Route between Enchilada restaurant and parking garage Wiesbaden

Parkhaus am Kureck wouldn’t pull up on Google Maps but I think Spiegelgasse is about where it was.

I only had to go up one flight of stairs. When I poked my head out on that level (P2), there it was. It was nice to see the machine accepted credit cards (including the American Visa), so I wouldn’t have been stuck if I’d only had the 5 euro on me. The price turned out to be 6 euro for the time I was there, so I put a 20 in the machine. I immediately wondered if I should have used my card as I heard clink clink clink. At least I had all the 2 euro coins I’d need for awhile.

The way back to Kaiserslautern was almost as eventful as driving in Wiesbaden. First the GPS told me to bear left too late. Then the way it took me to get back to where I should be went through several streets in what I’m pretty sure was Mainz. Fortunately I had plenty of gas, so I wasn’t as freaked out as I might have been if I’d been lost when running low.

When I finally got back on track, everything was fine until an exit on the way to Kaiserslautern. The GPS told me to take a sharp left at a road at a road that was going into the woods. I had followed such a road, perhaps the same one, once before and ended up at a dead end, so didn’t take it. I followed the road to what became a dead end parallel to the Autobahn. I saw a Polizei station sign, so I figured at worst I would stop and ask them directions if I needed to. Then I found one of those exits that’s supposed to be just for the Polizei. I didn’t see another way to get out, so I went through it, which put me back on the Autobahn. The rest of the way back was uneventful.

Even with getting lost twice and the speeds I was going much of the time, I’d only used about half a tank of gas. I had always had the impression Wiesbaden was much further out for some reason. I ended up going back to Wiesbaden in September. That time I didn’t get lost and I got to see much more of the city including the Red Baron’s grave, the view from Neroburg, and the world’s largest cuckoo clock. Be sure to subscribe to Embracing Adventure so you don’t miss that or future adventures.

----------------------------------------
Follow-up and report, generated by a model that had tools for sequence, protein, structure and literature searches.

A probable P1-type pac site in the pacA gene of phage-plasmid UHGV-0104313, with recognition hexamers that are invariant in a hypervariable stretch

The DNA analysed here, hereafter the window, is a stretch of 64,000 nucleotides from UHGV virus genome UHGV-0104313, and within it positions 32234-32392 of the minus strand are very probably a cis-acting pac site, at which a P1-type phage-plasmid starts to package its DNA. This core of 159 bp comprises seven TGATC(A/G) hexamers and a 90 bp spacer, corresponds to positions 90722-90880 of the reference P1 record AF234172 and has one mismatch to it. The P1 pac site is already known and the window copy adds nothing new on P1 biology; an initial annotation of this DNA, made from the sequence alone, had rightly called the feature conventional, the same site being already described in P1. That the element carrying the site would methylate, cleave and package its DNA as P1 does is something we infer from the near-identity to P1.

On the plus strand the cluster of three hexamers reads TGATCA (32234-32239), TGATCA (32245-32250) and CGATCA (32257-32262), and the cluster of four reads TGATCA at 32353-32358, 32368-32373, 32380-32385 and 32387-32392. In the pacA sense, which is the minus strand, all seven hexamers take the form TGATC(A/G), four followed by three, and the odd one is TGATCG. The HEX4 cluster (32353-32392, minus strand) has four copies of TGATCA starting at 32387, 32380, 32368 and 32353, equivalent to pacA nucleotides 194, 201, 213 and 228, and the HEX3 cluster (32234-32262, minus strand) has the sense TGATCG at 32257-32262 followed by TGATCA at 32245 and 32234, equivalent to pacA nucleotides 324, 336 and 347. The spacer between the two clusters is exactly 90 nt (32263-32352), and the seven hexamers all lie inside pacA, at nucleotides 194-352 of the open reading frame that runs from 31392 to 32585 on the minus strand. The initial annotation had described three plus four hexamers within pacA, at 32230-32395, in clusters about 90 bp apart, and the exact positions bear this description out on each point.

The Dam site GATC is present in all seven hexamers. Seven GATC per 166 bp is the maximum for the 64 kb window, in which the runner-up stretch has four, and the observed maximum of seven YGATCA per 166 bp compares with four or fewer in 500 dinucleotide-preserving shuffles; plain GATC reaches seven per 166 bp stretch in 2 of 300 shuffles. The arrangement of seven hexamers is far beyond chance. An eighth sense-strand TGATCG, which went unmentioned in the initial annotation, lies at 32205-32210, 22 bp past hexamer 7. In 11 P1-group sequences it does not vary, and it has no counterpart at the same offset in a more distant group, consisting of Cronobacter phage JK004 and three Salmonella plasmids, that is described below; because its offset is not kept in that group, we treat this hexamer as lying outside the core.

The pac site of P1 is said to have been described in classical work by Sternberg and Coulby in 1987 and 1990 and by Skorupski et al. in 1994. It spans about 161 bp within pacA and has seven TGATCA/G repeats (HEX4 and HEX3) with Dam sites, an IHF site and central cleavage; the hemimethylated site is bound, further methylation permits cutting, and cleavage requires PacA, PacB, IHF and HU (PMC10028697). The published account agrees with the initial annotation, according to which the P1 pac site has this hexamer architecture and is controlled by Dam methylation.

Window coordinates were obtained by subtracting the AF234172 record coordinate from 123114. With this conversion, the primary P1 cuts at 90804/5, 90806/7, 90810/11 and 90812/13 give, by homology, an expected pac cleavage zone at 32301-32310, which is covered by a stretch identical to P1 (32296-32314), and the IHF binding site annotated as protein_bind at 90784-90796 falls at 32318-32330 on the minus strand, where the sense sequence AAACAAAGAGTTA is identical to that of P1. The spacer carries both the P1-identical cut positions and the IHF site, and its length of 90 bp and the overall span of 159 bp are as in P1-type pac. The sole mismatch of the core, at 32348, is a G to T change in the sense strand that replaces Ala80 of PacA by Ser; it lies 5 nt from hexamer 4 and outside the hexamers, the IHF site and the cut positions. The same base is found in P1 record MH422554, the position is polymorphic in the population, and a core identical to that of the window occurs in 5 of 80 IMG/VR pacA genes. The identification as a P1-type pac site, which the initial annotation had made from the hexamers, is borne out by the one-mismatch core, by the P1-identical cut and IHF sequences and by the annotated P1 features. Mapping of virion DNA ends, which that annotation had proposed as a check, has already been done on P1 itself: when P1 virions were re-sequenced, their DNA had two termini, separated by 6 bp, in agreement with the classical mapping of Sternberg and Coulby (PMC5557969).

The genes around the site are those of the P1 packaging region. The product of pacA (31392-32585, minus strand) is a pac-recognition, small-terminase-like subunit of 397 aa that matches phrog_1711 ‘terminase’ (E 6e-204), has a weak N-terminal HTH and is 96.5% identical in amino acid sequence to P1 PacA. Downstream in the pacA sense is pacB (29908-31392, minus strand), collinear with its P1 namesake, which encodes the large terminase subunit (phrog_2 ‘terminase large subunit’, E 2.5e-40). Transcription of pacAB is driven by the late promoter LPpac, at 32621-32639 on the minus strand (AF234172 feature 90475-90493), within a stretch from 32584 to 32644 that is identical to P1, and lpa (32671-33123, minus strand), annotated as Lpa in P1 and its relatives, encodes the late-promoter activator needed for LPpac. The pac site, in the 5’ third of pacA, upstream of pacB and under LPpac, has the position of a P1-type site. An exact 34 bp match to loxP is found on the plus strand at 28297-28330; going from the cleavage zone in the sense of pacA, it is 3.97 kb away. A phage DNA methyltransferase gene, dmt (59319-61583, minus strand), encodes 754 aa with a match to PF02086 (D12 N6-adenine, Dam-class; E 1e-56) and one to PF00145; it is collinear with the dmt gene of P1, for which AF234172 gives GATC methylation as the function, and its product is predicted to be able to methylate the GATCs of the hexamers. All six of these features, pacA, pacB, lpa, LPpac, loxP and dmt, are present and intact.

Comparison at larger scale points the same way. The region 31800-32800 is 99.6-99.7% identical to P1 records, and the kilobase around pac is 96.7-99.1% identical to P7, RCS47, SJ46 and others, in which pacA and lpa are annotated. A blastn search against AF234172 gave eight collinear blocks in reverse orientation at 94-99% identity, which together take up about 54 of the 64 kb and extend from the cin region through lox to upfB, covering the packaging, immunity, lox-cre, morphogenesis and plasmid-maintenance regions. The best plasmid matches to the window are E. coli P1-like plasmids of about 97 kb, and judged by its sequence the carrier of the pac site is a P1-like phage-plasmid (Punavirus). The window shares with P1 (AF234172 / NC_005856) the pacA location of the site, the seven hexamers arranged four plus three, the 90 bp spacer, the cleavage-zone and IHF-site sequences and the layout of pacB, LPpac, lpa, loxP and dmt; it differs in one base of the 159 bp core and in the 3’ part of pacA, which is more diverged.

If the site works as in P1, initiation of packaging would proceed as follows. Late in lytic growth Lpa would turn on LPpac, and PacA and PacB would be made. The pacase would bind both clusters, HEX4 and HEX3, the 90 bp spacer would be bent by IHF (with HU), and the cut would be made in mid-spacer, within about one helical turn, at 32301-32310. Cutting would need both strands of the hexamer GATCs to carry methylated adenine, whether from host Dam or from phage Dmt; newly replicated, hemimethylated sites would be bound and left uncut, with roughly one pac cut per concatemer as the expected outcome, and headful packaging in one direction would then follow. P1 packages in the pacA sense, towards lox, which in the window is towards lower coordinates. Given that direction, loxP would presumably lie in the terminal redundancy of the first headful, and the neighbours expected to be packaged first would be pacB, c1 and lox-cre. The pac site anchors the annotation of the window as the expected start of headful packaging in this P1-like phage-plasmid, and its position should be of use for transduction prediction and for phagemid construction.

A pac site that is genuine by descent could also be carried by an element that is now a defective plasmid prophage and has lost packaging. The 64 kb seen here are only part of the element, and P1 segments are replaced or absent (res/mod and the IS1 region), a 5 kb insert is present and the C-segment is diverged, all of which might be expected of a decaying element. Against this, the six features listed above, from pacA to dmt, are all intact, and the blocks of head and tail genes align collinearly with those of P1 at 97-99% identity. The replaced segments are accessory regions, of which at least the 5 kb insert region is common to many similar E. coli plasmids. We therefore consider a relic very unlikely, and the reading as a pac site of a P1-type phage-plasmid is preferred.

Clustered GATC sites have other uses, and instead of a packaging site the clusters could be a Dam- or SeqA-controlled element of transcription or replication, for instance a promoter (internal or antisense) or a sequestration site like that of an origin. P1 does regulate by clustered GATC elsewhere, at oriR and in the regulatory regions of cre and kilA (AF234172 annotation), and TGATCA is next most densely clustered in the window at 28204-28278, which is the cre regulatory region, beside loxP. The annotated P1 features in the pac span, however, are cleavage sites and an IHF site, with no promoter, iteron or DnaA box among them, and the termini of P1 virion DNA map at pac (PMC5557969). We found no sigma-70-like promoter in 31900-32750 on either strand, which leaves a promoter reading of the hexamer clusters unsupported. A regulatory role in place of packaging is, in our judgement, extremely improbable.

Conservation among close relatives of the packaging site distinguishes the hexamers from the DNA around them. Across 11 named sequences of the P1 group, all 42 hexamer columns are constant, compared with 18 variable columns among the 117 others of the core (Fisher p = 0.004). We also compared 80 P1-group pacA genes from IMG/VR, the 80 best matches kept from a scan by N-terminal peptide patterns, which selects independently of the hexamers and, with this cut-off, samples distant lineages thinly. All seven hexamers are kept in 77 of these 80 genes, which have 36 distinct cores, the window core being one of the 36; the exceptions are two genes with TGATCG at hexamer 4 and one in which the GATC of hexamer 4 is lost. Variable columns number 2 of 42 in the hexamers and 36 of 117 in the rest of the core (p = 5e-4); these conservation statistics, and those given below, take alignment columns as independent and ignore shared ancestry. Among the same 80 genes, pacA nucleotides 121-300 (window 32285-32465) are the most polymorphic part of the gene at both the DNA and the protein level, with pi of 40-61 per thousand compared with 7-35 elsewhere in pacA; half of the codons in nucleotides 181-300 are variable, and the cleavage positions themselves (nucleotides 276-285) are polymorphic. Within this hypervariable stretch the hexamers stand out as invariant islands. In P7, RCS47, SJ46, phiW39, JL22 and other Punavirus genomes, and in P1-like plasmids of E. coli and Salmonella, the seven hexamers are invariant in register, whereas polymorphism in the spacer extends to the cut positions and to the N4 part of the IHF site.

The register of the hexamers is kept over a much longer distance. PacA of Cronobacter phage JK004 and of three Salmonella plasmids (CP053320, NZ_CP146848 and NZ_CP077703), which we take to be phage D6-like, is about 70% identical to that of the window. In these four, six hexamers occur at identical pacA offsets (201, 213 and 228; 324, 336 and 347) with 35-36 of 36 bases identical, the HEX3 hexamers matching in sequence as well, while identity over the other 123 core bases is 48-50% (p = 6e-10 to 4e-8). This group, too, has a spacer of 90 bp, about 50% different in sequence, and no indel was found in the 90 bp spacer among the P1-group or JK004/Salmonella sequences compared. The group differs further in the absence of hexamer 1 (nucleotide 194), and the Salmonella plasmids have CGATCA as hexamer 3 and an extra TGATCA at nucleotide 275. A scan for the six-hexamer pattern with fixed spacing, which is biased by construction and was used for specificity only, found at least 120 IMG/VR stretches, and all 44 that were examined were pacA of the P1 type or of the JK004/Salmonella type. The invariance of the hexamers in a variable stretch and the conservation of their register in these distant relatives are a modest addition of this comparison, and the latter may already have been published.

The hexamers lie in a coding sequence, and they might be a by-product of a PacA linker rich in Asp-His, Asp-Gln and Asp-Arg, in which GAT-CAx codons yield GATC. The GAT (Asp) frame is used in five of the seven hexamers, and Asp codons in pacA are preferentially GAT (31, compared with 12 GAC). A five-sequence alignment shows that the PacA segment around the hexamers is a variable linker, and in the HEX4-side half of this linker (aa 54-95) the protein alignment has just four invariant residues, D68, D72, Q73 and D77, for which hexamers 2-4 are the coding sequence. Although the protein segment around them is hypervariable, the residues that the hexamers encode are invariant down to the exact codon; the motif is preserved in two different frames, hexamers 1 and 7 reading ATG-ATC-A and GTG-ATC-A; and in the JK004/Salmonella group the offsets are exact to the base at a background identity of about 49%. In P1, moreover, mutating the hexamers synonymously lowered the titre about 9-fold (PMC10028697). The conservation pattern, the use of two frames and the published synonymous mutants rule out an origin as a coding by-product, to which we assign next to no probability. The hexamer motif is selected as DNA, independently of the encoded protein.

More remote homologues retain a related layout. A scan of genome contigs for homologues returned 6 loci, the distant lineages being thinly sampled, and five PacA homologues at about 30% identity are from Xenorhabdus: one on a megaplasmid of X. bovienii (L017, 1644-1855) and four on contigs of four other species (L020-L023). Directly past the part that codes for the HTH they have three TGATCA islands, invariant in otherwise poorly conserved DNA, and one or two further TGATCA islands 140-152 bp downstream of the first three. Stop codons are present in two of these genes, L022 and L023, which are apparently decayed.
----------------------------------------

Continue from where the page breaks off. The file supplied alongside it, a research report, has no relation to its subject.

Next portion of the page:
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2 Thoughts on “My First Trip to Wiesbaden & Eating at Enchilada

  1. There is nothing like getting lost but finding a great place to eat. I would get confused with having to pay with Euro since I have never been anywhere in Europe. I do have a friend that lives in London that wants me to move in with him. I don’t know about that.
    Christi Harris recently posted…What was the hardest part of being a kid?My Profile

    • I don’t mind getting lost if I find something cool because of it. In this case I got lost while trying to find that place, so it was kind of frustrating. It all worked out okay though.

      Paying in euro is really not bad. The only real downside is that the euro is usually stronger than the dollar, which means that we basically lose money for every euro we have to pull out instead of a dollar. They also use coins for anything smaller than 5 euro, and most places don’t accept credit cards, so you have to carry a coin holder around. Otherwise, it’s basically the same as using dollars. The upside is that prices here include the tax already so what you see on the price tag is what you’re going to pay.

      London could be cool. I hear it is very expensive though. You’d be using the British pound instead of the euro there. If you’re not sure about moving, I would maybe take an extended visit at least once or twice to see if you really like it before you relocate. Best wishes whatever you decide.